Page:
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The Emperor and His General

Updated on January 23, 2012
A painting of the legend General Belisarius wearing Roman armour.
A painting of the legend General Belisarius wearing Roman armour.

More on Flavius Belisarius

The Emperor and I

A profile of one of history's most brilliant tacticians using information in the book "Justinian's Flea" by William Rosen

During the reign of Justinian I, the Byzantine Empire went through a golden age of territorial expansion and accomplishment that ensured its existence for years to come. Prior to Justinian, the Byzantine Empire had not reached its full sense of potential and it lacked a determined leader to bring the empire into its prime. However, Justinian could never have succeeded on his own without help from equally motivated and competent individuals. One such individual, a Thracian by the name of Belisarius, became one of the most brilliant generals to ever grace the Byzantine Empire and through his tactical prowess and military victories came Justinian’s success.


Upon ascension to the throne, one of Justinian’s primary goals was to restore imperial authority to the lost provinces of the Western Empire. But Justinian needed to defend the empire before he could expand it. In 530 A.D., Persian troops were massing on the border and it was the young Belisarius who was tasked with defending the fortified town of Dara against an attack (Rosen 80). The army that Belisarius had at his disposal was not made up of Roman legionnaires, but a mixture of barbarians and mercenaries. His legal secretary, Procopius, went so far as to describe the makeshift army as “the beast of men and utterly abandoned rascals” (Rosen 81-82). Despite being outnumbered by two to one, the victory that Belisarius won for his emperor was but a small preview of things to come (Rosen 85). Had Belisarius lost this battle, Persian incursions into Byzantine territory would have become an endemic and disrupted Justinian’s plans for military campaigns elsewhere, not to mention having to deal with an unhappy domestic population.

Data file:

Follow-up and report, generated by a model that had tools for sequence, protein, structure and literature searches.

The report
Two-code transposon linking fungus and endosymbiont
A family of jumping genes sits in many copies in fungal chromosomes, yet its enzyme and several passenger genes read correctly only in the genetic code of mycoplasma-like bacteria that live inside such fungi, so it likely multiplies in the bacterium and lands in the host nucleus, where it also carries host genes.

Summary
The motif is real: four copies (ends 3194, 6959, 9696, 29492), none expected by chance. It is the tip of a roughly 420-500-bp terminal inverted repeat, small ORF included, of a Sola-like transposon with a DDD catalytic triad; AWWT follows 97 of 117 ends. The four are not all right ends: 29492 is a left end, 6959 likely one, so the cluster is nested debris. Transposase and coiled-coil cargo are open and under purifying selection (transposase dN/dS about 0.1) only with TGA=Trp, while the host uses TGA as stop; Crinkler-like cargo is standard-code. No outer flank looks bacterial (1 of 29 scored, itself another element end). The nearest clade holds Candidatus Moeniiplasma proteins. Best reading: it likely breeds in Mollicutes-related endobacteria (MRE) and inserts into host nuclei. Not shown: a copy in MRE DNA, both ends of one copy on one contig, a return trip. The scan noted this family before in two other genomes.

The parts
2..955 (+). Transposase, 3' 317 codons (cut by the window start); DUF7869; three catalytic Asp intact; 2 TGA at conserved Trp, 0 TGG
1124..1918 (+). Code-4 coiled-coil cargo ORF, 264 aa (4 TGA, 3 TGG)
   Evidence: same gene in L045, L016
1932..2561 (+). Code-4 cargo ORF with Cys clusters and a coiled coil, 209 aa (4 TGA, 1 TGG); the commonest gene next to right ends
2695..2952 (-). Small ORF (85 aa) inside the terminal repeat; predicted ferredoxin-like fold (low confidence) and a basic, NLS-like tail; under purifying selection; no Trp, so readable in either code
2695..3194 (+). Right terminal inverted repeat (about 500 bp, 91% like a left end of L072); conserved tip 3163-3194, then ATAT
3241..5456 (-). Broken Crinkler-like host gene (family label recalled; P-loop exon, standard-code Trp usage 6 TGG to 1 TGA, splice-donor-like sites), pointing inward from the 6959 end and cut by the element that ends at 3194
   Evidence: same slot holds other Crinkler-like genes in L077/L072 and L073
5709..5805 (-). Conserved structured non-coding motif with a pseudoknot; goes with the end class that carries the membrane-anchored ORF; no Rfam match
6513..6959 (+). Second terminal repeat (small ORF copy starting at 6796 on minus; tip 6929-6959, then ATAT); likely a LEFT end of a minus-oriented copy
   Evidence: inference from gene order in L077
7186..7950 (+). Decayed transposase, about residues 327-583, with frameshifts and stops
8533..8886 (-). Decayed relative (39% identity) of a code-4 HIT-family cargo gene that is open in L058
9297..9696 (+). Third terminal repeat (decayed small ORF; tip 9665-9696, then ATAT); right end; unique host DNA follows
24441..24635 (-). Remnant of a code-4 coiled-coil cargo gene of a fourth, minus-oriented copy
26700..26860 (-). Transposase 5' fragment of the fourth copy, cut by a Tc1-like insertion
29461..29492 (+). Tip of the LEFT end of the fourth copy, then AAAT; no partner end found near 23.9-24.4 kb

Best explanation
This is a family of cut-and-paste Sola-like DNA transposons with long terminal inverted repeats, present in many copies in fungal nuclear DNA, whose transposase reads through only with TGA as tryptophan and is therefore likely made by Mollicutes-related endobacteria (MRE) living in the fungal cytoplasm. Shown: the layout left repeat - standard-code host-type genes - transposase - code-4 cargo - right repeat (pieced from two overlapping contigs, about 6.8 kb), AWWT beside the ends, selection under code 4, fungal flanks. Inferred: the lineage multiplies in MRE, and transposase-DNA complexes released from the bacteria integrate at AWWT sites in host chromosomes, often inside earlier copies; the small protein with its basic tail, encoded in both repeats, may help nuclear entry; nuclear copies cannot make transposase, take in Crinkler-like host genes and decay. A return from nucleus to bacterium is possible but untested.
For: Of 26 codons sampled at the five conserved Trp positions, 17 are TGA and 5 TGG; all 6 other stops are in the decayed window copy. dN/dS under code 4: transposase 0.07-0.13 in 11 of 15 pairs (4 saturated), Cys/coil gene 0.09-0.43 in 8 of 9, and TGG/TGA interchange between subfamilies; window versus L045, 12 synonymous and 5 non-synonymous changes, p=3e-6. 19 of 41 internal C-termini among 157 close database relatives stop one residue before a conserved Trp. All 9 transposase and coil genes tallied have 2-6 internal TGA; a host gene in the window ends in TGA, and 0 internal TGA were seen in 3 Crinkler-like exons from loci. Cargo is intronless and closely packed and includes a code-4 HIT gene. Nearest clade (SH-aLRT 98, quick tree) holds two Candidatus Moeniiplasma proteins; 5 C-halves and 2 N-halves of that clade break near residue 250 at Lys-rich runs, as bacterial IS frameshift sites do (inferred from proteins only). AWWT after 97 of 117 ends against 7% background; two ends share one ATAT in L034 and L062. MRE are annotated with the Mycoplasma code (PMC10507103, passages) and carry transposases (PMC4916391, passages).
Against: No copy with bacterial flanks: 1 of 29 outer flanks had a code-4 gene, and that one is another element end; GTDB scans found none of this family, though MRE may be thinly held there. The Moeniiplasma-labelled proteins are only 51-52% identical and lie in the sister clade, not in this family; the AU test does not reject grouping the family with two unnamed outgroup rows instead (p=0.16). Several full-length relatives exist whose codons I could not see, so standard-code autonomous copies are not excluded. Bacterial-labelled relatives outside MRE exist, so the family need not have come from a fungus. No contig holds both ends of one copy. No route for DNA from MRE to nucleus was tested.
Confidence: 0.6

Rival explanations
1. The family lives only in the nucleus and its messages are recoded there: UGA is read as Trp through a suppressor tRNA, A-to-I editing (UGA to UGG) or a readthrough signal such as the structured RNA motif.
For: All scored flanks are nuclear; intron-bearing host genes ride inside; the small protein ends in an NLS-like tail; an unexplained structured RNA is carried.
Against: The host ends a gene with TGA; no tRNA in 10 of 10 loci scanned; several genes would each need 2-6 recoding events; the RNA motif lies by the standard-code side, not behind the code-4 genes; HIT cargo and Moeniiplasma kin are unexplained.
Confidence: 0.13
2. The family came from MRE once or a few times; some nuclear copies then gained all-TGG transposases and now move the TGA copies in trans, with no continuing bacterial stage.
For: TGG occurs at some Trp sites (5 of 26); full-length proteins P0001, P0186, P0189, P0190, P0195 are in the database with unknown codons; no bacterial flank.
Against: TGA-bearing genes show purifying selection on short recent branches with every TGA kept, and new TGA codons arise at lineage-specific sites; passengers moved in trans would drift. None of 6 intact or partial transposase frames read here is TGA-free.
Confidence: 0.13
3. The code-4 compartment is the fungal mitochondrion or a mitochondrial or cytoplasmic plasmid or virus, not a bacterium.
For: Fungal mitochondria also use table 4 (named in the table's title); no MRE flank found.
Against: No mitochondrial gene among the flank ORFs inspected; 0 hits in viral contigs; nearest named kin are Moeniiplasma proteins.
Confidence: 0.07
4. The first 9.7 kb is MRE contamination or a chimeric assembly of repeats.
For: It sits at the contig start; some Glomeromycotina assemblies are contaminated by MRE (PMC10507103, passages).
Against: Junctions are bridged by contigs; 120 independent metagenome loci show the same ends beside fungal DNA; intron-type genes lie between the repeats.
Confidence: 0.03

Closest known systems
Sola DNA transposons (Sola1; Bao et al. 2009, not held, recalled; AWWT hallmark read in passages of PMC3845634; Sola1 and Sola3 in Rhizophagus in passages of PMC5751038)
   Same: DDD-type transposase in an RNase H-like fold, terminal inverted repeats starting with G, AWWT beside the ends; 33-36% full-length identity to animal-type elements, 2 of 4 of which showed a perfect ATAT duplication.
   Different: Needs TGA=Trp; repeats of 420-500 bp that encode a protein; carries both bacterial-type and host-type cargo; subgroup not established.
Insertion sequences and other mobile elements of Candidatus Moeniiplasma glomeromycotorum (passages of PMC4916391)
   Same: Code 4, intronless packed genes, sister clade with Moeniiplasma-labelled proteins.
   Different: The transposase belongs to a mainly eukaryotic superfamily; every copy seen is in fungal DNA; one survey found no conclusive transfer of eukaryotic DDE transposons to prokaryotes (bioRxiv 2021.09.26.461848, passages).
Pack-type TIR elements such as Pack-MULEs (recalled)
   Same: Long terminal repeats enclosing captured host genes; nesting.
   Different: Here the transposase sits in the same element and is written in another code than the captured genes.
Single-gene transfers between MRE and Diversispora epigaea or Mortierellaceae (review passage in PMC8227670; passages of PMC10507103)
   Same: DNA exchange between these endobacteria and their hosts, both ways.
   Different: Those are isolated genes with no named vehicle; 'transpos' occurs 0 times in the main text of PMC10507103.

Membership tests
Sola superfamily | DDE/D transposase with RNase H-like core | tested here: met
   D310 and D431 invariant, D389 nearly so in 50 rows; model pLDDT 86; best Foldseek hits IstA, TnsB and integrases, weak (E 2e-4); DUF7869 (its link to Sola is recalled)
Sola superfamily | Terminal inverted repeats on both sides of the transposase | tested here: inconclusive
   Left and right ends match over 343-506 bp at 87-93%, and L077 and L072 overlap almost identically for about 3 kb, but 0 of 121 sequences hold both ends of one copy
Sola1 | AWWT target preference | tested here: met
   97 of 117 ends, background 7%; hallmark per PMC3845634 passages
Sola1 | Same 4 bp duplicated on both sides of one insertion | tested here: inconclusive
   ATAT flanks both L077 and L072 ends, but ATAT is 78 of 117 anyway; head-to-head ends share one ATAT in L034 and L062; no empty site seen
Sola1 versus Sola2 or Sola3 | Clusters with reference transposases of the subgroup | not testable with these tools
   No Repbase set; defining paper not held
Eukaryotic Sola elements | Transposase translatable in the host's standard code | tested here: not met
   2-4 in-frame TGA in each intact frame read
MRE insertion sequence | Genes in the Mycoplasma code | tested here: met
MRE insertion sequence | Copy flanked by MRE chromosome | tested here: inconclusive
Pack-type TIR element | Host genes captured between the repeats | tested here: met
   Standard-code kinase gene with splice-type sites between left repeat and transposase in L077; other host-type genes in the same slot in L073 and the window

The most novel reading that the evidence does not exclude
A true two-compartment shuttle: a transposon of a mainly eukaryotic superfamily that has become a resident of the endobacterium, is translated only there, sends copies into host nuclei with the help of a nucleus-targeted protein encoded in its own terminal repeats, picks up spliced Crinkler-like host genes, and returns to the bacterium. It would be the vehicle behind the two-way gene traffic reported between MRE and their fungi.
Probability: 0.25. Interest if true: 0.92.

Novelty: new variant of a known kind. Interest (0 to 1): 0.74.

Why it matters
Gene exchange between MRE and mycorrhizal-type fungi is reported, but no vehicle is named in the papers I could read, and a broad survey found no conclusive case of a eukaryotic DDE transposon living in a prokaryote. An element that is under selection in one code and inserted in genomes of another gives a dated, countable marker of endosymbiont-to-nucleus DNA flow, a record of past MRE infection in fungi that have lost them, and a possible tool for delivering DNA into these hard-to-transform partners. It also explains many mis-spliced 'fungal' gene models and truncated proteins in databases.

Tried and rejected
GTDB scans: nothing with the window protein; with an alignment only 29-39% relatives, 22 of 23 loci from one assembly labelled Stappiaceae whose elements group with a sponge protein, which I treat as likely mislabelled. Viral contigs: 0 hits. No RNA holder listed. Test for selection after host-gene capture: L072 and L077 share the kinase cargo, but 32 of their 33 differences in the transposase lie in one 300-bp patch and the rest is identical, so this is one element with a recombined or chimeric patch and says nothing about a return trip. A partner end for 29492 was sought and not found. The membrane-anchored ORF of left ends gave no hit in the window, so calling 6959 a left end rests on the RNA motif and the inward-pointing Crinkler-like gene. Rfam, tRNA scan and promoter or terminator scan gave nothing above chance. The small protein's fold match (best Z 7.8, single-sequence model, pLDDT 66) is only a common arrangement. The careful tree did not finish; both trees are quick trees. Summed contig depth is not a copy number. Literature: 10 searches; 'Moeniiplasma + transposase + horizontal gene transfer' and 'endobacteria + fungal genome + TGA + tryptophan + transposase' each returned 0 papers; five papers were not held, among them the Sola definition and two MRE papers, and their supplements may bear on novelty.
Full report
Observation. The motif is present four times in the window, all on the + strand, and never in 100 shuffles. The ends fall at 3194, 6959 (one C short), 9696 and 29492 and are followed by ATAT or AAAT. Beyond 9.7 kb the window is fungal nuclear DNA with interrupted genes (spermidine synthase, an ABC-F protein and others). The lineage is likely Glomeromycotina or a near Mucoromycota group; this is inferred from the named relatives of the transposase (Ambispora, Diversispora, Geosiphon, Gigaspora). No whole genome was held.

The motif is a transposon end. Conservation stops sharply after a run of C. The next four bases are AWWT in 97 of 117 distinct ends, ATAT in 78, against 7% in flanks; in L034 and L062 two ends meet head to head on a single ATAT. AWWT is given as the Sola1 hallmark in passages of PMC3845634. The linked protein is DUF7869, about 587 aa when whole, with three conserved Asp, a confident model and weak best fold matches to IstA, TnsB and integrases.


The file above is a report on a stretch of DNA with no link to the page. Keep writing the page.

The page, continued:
Ironically, civil unrest was the next task that Belisarius assisted Justinian with during the Nika Revolt in 532 A.D. After Justinian refused to fully pardon two criminals regarding an incident that had taken place after the Hippodrome games, the crowd began to riot (Shockro). The terror of the mob rampaging through the streets brought Justinian to consider fleeing the city and going into exile. If this had happened, Justinian’s “reign would have been a short and undistinguished one” as opposed to the long and successful one that it turned out to be (Bennett 60). While it was Theodora who convinced him to stay, it was Belisarius’ plan to attack the mob in the Hippodrome swiftly and efficiently using a pincer maneuver to break their ranks (Rosen 97). The plan worked to perfection and the casualty rate among the rioters was devastating enough to send a clear message to those who would oppose the throne. For Justinian, his reign as emperor stood upon the edge of a knife, and thanks to Belisarius, he did not fall.